Belton House is a country estate of Brownlow and Cust familes and is located near Grantham. The house was built between 1685 to 1688 by Sir John Brownlow and has remained in the family until the National Trust took ownership in 1984.
Surprisingly I didn’t recognise the house, despite being an avid fan of the BBC’s adaptation of Helen Creswell’s spooky Moondial from 1988.
The West Entrance to Belton House.
Statues in the West entrance court yard.
We took the “Below Stairs Tours” which provide a fascinating insight into the lives of the servant at Belton House during the 1900s and is must for any Downtown Abbey fans.
Walking around Lincoln it is hard to miss the cobbled, nostalgic Steep Street. The street certainly lives up to its name, being a 1 in 7 gradient, which meant a bit of huffing and puffing as we slowly made our way up. At least there were plenty of shop windows to stragetically stop in front of and peer into.
Steep Street is full of independent shops, tea rooms and pubs as well as historic buildings with the top of the hill leading to the entrance of the magnificent Lincoln Cathedral.
Half way up the hill was this lovely little Antiques Centre which caught my attention with all these vintage signs outside the shop.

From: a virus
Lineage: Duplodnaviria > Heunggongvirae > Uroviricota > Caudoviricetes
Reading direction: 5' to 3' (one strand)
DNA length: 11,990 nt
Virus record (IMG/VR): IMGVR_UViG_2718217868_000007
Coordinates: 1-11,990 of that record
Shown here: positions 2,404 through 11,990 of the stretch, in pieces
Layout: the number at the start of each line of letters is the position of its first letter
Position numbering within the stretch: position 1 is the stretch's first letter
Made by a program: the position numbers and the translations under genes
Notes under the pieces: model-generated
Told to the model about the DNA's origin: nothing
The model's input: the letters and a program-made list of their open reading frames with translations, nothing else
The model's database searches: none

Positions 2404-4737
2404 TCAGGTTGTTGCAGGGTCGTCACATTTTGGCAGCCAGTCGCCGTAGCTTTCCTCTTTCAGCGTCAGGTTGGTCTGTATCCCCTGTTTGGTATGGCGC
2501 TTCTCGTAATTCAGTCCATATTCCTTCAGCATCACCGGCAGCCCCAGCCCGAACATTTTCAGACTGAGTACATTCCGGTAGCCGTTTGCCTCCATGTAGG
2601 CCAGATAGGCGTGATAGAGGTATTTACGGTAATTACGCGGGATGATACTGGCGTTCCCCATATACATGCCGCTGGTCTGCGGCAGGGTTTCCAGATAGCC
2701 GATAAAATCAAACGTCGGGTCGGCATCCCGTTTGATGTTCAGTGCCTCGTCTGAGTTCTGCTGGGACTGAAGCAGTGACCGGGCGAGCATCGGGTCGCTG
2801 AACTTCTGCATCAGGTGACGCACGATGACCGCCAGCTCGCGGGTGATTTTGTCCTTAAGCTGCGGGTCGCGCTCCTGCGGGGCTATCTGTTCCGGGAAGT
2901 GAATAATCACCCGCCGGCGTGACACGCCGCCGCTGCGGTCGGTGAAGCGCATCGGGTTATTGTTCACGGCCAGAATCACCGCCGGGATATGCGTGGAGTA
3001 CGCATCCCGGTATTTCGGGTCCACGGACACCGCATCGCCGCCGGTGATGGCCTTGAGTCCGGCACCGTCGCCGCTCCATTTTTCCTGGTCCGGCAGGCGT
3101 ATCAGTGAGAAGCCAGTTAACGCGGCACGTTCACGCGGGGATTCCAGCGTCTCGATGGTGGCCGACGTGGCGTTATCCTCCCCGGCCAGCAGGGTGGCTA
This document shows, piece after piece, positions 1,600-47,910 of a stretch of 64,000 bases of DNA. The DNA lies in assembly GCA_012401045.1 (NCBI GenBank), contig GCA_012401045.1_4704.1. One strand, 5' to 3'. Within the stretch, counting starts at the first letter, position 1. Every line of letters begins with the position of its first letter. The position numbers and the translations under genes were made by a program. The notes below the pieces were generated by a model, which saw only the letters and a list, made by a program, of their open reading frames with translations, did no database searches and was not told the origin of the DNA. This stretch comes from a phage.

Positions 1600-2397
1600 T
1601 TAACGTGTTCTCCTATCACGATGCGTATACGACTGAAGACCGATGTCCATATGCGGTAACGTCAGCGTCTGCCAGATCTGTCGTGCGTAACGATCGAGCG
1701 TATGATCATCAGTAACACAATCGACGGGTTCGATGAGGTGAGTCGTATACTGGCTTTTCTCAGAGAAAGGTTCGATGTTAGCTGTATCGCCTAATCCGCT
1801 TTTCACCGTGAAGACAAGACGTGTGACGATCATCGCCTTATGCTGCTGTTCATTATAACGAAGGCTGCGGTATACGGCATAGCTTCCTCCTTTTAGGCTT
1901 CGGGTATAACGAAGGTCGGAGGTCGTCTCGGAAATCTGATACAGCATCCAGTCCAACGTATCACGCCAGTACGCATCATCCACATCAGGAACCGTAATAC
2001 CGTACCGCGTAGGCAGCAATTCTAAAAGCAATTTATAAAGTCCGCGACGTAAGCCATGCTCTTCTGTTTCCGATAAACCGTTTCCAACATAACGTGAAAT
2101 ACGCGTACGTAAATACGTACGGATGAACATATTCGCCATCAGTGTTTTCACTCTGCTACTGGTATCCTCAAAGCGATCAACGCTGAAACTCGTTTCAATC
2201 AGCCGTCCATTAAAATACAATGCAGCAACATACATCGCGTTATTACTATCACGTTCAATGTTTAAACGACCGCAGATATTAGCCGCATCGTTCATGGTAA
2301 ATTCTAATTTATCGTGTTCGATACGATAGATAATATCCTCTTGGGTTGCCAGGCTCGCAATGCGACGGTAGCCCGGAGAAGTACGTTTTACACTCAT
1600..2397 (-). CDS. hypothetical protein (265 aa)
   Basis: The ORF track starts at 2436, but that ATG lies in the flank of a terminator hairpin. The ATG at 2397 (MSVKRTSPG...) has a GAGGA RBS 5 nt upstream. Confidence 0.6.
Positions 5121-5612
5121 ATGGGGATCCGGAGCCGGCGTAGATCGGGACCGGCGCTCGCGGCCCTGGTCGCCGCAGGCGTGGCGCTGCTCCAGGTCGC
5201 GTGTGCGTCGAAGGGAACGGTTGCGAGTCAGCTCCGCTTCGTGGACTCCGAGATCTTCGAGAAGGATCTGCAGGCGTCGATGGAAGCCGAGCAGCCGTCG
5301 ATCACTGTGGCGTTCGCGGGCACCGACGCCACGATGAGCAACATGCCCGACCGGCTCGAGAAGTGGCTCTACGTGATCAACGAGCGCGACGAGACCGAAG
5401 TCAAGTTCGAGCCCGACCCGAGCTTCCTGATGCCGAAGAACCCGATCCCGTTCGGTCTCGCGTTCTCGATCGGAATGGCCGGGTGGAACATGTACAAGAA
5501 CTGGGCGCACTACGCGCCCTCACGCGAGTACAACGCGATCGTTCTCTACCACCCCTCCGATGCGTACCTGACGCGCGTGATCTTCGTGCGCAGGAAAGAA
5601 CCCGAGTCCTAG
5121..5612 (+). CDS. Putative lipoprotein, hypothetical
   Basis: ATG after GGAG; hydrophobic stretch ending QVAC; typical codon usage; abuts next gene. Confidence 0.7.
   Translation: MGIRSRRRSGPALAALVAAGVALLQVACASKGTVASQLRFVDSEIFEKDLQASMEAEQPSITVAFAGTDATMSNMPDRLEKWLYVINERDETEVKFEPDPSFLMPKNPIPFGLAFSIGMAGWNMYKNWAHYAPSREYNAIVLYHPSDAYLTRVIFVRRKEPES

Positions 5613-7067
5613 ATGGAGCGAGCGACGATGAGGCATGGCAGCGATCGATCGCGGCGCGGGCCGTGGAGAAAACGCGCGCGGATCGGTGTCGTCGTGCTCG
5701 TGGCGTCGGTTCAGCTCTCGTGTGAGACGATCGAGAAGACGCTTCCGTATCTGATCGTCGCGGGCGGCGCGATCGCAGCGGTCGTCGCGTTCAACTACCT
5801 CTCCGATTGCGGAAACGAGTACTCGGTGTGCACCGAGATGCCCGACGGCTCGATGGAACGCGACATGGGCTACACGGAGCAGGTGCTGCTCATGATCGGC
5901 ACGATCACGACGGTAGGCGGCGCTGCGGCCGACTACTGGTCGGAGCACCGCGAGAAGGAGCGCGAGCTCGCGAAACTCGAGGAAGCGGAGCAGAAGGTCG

I couldn’t walk past with out capturing this typical railway sign from Midlands Railway (1899).
An antique Wills’s Gold Flake cigarette advertising enamel sign.
Antique Sunlight Soap enamel advertising sign.
Posted in Architecture, Cityscapes, Photography
Tagged Cobbled Street, Enamel signs, Lincoln, Midland Railway, shop windows, Steep Street, Sunlight Soap, Vintage, Wills's Cigarettes
Time to brush the bank holiday cobwebs away with a walk over to Bidston Hill to the Bidston Windmill.
There has been a windmill on this site for nearly 400 years. The current brick windmill replaced a wooden peg mill which was destoryed in gales in 1791.
“Excuse me—I don’t want to be inquisitive—but should I be right in thinking that you are a Daughter of Eve?”
To get away from the computer, we drove out to Winchester and spent a lovely afternoon wandering round one of our favourite cities exploring second-hand bookshops and sampling the delights of boutique cafe Ginger Two for Tea, which is obviously a very popular destination for locals and visitos alike. But a trip to Winchester is not complete without visiting the cathedral, and capturing a picture of the red doors.
With it being so crazy, mad busy at work at the moment it has amazed me that I even found an opportunity to grab this picture on the way out of work.
No tripod, so I was pleased I was able to capture a reasonably in focus shot, though it is a little grainy due to the high ISO.
Away from my desk today for a meeting up in London at the LSE library.
In the central atrium of this impressive library building is this stunning spiral staircase.
Posted in Architecture, Indoor, Photography
Tagged 2013, 2013PAD, architecture, central atrium, Interiors, January, Libraries, London, Photography, spiral staircase, Staircase